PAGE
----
Police arrested a woman from Iowa after Transportation Security Administration (TSA) officers prevented her from carrying a loaded handgun onto her flight on Friday, February 11, at Newark Liberty International Airport.
TSA officials said the 9mm gun was loaded with five bullets, including one in the chamber.
It was spotted inside a pocket of the woman’s handbag when a TSA officer who was staffing the checkpoint X-ray monitor spotted the weapon.
TSA then alerted Port Authority Police, who confiscated the handgun and arrested the woman, a resident of Cedar Rapids, Iowa, on weapons charges.
The woman told officials that she was running late for her flight and forgot that she had the loaded gun in her handbag.
“If you own a firearm, you need to know where it is at all times and take care to ensure it is not inside one of your carry-on items when you walk up to a TSA security checkpoint,” said Thomas Carter, TSA’s Federal Security Director for New Jersey.
“Guns and planes don’t mix. It’s important to remove firearms and ammunition from carry-on bags every time you fly.”
Passengers are permitted to travel with firearms only in checked baggage if they are properly packaged and declared at their airline ticket counter.
Firearms must be unloaded, packed in a hard-sided locked case, and packed separately from ammunition.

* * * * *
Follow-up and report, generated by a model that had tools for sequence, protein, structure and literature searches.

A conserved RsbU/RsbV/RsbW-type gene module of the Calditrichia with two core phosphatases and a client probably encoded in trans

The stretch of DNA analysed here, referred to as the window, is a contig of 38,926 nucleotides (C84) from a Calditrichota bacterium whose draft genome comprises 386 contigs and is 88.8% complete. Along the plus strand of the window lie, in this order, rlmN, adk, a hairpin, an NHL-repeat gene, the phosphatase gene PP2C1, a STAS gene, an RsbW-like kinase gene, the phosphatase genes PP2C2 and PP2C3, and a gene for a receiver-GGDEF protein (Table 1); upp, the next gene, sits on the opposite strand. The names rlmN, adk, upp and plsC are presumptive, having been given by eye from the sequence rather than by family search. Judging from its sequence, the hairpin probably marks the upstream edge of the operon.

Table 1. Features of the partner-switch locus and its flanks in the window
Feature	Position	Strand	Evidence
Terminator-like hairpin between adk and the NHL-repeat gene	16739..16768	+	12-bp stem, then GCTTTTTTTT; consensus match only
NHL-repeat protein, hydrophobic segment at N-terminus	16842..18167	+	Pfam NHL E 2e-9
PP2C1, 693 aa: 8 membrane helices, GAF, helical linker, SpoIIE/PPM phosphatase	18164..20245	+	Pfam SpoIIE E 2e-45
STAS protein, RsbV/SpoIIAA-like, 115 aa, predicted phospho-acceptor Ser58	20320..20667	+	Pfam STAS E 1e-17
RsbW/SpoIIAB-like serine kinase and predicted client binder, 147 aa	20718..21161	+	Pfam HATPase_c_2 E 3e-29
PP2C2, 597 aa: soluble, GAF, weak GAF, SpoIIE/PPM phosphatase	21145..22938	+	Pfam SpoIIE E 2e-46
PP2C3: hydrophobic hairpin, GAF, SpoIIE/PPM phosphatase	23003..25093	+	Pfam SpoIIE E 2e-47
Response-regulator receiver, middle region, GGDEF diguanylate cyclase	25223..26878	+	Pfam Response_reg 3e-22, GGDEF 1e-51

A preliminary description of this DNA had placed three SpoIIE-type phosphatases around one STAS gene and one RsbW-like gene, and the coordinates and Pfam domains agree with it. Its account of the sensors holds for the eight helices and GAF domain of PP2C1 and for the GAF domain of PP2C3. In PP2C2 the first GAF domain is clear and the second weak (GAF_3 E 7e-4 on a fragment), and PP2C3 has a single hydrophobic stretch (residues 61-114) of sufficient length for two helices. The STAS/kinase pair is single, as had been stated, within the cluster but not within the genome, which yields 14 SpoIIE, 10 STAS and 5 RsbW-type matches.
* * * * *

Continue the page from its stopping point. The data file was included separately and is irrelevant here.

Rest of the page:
Then the locked case should be taken to the airline check-in counter to be declared. TSA has details on how to properly travel with a firearm posted on its website.
Bringing a gun to an airport checkpoint carries a federal civil penalty because TSA reserves the right to issue a civil penalty to travelers who have guns and gun parts with them at a checkpoint.
Civil penalties for bringing a handgun into a checkpoint can stretch into thousands of dollars, depending on mitigating circumstances.
This applies to travelers with or without concealed gun carry permits because even though an individual may have a concealed carry permit, it does not allow for a firearm to be carried onto an airplane.
The complete list of civil penalties is posted online.
Additionally, if a traveler with a gun is a member of TSA PreCheck®, that individual will lose their TSA PreCheck privileges.
Firearm possession laws vary by state and locality, and passengers should do their homework to make sure that they are not violating any local firearm laws.
Travelers should also contact their airline as they may have additional requirements for traveling with firearms and ammunition.
Last year TSA officers detected 5,972 guns at security checkpoints nationwide, and 86 percent of them were loaded.